If there be worse, the expectation more

Of worse torments me then the feeling can.

I would be at the worst; worst is my Port.

My harbour and my ultimate repose, 210

The end I would attain, my final good.

My error was my error, and my crime

My crime; whatever for it self condemn’d

And will alike be punish’d; whether thou

Raign or raign not; though to that gentle brow

Willingly I could flye, and hope thy raign,

From that placid aspect and meek regard,

Rather then aggravate my evil state,

Would stand between me and thy Fathers ire,

(Whose ire I dread more then the fire of Hell,) 220

A shelter and a kind of shading cool

Interposition, as a summers cloud.

If I then to the worst that can be hast,

Why move thy feet so slow to what is best,

Happiest both to thy self and all the world,

That thou who worthiest art should’st be thir King?

Perhaps thou linger’st in deep thoughts detain d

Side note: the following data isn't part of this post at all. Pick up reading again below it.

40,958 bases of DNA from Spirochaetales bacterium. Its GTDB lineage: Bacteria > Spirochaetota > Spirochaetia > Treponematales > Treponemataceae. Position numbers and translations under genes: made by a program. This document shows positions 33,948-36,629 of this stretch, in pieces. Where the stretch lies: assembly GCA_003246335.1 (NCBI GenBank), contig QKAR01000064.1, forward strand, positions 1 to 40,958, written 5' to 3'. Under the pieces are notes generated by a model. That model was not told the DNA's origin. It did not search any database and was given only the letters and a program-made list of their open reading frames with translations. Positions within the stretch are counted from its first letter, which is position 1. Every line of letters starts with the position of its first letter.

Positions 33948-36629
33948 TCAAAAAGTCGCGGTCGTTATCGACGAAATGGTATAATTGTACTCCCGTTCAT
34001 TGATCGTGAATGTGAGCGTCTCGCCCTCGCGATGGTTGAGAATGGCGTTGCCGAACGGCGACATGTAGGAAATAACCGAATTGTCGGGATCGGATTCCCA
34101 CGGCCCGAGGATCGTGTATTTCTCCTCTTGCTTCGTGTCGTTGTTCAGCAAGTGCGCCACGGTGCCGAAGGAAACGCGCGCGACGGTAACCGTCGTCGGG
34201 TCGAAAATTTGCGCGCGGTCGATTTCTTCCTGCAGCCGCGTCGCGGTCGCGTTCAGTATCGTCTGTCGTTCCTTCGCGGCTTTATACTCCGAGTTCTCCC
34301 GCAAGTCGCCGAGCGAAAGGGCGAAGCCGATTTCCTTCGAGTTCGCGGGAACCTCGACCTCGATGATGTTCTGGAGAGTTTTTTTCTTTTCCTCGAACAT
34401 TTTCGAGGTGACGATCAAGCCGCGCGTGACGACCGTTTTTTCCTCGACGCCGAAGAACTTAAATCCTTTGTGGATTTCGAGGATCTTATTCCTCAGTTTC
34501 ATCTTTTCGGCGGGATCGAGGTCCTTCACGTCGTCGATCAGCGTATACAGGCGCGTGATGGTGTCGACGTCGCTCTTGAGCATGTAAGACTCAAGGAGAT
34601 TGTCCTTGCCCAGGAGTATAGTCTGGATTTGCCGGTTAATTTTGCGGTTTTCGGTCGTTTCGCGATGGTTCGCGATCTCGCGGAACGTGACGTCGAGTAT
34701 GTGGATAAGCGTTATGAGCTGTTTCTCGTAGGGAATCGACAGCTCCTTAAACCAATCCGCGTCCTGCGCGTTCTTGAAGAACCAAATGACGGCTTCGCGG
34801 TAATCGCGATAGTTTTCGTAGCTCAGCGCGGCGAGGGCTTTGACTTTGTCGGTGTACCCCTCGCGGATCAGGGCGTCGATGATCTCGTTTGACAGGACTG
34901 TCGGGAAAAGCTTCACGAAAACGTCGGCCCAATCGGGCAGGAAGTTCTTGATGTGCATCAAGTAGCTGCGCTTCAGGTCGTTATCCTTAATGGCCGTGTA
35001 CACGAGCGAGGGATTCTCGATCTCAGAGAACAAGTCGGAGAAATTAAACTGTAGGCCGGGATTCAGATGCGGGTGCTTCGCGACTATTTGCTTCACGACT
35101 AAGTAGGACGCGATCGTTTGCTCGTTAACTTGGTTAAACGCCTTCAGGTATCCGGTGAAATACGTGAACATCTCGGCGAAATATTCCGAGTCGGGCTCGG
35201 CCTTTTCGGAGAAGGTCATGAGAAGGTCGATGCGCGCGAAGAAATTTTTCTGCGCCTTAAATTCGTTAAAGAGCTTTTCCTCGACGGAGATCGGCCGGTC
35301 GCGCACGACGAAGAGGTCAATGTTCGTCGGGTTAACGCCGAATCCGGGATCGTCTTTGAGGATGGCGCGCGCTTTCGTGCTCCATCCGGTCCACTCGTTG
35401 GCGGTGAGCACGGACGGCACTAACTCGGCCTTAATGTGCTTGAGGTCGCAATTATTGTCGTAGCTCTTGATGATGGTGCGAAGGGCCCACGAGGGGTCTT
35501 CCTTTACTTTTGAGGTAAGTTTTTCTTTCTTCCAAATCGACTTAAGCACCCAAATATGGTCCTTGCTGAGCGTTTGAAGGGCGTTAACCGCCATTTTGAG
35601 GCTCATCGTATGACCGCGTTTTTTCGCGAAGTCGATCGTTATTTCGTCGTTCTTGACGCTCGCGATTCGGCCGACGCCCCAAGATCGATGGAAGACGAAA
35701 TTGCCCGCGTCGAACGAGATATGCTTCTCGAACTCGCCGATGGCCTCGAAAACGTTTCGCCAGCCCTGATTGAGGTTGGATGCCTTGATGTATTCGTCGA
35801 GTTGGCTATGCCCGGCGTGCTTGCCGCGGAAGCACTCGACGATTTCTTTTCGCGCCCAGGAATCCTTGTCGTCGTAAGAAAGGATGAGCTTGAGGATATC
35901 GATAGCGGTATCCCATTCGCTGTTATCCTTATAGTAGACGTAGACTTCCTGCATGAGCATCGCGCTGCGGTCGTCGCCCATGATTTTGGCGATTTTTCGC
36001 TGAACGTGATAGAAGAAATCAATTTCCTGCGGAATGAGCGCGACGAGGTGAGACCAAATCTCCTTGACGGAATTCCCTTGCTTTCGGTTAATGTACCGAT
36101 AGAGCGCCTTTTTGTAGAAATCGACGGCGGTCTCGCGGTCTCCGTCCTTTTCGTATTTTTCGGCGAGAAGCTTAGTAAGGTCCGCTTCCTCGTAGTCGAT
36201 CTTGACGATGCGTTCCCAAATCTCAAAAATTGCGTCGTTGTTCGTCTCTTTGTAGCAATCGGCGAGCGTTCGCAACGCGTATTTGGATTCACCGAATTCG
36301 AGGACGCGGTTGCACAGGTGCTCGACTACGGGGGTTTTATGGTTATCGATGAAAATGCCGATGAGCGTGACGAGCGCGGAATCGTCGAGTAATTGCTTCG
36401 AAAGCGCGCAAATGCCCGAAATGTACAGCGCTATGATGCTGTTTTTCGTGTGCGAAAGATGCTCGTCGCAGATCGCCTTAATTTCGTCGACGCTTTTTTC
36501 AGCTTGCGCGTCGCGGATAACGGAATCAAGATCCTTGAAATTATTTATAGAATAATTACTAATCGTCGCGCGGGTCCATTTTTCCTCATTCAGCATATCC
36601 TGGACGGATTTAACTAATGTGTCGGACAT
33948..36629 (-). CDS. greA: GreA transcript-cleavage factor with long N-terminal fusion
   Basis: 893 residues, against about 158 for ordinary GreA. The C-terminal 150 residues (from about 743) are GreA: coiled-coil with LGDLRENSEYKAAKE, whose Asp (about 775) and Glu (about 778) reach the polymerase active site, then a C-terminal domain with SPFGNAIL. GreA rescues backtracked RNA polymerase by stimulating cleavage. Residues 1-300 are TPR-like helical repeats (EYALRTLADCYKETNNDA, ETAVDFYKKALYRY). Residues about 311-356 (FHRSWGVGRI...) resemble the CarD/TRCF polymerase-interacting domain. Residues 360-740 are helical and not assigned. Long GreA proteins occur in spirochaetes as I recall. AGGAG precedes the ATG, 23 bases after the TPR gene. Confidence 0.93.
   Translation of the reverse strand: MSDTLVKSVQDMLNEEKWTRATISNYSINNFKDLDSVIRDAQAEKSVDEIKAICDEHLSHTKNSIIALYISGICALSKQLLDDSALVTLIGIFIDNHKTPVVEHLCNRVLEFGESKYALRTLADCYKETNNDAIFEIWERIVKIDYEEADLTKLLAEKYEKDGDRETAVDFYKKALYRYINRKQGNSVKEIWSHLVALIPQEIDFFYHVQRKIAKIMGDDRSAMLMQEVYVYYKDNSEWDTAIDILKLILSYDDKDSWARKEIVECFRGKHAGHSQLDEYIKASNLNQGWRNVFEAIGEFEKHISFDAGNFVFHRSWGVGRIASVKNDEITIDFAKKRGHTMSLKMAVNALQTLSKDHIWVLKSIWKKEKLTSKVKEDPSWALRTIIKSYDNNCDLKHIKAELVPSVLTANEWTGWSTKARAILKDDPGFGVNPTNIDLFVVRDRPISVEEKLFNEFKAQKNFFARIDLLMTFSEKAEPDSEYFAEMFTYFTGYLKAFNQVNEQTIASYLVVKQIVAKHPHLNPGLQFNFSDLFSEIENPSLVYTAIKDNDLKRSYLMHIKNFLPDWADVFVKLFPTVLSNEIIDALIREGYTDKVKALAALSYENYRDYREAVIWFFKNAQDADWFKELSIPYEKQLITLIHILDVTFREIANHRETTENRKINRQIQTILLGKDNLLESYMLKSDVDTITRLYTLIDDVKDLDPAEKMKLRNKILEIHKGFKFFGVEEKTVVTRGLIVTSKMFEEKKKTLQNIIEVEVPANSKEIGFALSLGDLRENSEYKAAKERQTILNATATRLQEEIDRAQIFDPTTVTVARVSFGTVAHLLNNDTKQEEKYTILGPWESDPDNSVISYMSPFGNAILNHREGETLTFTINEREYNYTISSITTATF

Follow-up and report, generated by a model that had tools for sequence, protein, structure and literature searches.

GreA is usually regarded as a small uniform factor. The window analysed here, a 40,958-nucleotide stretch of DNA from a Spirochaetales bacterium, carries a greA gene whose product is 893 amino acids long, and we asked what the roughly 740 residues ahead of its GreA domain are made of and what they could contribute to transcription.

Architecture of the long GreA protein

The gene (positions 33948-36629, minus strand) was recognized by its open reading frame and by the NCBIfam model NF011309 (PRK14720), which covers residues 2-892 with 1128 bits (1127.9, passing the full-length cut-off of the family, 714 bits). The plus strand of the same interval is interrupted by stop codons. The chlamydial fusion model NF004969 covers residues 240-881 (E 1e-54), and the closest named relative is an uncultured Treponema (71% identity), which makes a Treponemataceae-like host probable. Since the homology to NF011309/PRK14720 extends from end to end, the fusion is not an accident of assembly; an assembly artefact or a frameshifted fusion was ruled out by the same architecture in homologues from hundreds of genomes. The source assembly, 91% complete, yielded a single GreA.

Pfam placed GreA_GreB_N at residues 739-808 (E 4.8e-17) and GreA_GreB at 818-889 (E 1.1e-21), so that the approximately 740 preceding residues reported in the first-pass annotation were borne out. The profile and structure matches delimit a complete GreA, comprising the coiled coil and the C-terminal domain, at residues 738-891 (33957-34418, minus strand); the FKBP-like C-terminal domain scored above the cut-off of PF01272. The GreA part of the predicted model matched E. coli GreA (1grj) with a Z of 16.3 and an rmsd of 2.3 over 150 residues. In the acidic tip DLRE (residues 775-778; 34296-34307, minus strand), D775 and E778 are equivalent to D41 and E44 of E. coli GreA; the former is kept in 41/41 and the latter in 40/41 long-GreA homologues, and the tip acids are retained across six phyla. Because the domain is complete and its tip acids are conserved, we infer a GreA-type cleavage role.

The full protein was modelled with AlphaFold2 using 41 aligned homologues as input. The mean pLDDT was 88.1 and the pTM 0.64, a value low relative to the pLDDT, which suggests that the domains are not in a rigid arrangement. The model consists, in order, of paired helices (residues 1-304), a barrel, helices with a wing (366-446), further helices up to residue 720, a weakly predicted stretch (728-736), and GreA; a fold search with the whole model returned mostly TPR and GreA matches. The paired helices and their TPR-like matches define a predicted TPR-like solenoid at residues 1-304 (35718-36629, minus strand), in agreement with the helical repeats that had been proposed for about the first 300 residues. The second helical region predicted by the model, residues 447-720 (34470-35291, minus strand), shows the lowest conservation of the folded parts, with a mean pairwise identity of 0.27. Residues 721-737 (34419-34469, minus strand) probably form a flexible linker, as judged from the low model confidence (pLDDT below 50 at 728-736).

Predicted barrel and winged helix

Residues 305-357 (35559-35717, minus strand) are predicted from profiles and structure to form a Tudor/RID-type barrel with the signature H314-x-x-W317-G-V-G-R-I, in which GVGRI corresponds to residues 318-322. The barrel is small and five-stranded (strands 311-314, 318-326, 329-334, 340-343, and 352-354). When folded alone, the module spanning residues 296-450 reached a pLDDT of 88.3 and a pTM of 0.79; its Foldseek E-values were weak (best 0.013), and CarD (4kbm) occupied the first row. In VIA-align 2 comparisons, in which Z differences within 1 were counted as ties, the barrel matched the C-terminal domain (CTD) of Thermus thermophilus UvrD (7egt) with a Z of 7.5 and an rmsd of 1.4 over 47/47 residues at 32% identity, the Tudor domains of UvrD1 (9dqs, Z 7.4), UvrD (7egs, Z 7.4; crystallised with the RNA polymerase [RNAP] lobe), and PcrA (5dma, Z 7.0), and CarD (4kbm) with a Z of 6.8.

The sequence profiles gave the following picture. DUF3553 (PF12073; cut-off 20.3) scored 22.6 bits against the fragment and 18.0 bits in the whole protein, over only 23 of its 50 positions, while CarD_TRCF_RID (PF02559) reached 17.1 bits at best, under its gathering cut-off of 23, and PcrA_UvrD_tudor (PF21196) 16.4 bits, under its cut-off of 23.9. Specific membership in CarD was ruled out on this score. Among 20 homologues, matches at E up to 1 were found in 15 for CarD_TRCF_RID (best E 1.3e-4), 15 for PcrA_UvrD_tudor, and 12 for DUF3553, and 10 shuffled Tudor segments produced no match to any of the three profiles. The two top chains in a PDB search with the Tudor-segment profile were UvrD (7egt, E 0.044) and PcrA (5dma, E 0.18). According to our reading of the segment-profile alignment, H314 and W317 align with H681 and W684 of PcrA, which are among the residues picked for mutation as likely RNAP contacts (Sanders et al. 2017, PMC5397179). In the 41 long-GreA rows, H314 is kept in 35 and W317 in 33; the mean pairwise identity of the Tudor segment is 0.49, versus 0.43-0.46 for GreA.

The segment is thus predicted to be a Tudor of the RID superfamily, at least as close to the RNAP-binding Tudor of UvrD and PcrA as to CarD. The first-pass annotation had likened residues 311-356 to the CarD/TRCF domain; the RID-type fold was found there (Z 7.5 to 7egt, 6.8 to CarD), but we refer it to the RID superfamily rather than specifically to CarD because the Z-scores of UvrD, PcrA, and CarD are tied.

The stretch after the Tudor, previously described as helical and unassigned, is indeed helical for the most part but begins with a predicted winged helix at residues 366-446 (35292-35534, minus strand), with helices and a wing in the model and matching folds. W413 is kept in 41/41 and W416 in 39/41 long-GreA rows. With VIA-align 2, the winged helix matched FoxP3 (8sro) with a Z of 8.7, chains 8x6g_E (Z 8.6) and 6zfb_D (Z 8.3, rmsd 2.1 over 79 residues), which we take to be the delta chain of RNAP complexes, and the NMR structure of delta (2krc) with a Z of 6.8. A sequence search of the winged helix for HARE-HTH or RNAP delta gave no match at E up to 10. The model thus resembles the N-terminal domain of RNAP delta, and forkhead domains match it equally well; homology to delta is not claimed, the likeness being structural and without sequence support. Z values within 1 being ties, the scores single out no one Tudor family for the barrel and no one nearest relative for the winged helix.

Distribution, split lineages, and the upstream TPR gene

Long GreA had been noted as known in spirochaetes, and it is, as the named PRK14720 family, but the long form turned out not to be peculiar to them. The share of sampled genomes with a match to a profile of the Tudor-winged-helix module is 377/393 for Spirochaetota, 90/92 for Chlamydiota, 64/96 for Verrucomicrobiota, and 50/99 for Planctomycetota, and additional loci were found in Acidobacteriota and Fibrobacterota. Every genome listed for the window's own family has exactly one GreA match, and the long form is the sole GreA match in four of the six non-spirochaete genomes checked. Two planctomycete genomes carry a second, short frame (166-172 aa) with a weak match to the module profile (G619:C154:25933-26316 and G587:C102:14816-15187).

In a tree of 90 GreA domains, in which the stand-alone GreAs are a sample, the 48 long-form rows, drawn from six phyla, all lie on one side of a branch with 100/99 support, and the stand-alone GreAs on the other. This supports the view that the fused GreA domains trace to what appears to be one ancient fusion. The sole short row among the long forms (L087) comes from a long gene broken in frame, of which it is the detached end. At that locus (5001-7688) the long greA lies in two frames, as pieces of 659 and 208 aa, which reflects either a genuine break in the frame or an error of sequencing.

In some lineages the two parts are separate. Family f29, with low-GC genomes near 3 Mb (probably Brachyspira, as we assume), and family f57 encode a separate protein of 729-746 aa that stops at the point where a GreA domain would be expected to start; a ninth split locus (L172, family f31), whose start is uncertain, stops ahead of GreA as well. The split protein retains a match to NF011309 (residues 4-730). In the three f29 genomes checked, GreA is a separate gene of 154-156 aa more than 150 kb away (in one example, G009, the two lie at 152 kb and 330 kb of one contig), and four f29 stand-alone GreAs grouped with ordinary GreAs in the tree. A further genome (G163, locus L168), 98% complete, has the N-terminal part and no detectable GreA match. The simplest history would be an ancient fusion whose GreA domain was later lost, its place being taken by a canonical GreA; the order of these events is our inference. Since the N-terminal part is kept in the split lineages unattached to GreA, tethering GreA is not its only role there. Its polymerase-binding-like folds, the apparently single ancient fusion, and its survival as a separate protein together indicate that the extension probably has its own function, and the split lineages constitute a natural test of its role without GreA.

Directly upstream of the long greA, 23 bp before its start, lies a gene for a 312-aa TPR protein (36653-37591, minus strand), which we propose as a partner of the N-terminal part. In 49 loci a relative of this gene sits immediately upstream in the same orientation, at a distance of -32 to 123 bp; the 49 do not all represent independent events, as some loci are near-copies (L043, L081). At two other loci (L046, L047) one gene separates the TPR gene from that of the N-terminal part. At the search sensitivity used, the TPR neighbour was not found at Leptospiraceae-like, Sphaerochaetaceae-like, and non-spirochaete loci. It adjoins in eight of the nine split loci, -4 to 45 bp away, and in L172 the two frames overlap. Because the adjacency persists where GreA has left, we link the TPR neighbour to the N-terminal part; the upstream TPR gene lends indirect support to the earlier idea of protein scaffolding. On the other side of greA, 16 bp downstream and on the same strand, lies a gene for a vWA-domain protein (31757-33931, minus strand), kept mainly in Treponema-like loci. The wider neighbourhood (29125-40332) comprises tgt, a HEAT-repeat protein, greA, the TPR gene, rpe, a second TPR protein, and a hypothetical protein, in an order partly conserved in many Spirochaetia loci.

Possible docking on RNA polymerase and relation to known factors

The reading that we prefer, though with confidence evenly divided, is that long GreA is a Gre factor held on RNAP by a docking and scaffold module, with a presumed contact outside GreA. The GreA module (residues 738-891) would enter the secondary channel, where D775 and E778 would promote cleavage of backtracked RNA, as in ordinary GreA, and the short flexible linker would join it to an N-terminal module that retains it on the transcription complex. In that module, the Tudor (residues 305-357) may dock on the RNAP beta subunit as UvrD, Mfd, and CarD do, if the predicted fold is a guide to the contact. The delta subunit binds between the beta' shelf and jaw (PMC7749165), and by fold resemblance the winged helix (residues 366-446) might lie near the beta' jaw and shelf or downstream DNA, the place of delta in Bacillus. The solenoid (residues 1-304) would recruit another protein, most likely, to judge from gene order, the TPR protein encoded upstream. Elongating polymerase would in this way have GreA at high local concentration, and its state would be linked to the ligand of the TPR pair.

Of the enterprize so hazardous and high;

No wonder, for though in thee be united

What of perfection can in man be found, 230

Or human nature can receive, consider

Thy life hath yet been private, most part spent

At home, scarce view’d the Gallilean Towns

And once a year Jerusalem, few days

Short sojourn; and what thence could’st thou observe?

The world thou hast not seen, much less her glory,

Empires, and Monarchs, and thir radiant Courts

Best school of best experience, quickest in sight

In all things that to greatest actions lead.

The wisest, unexperienc’t, will be ever 240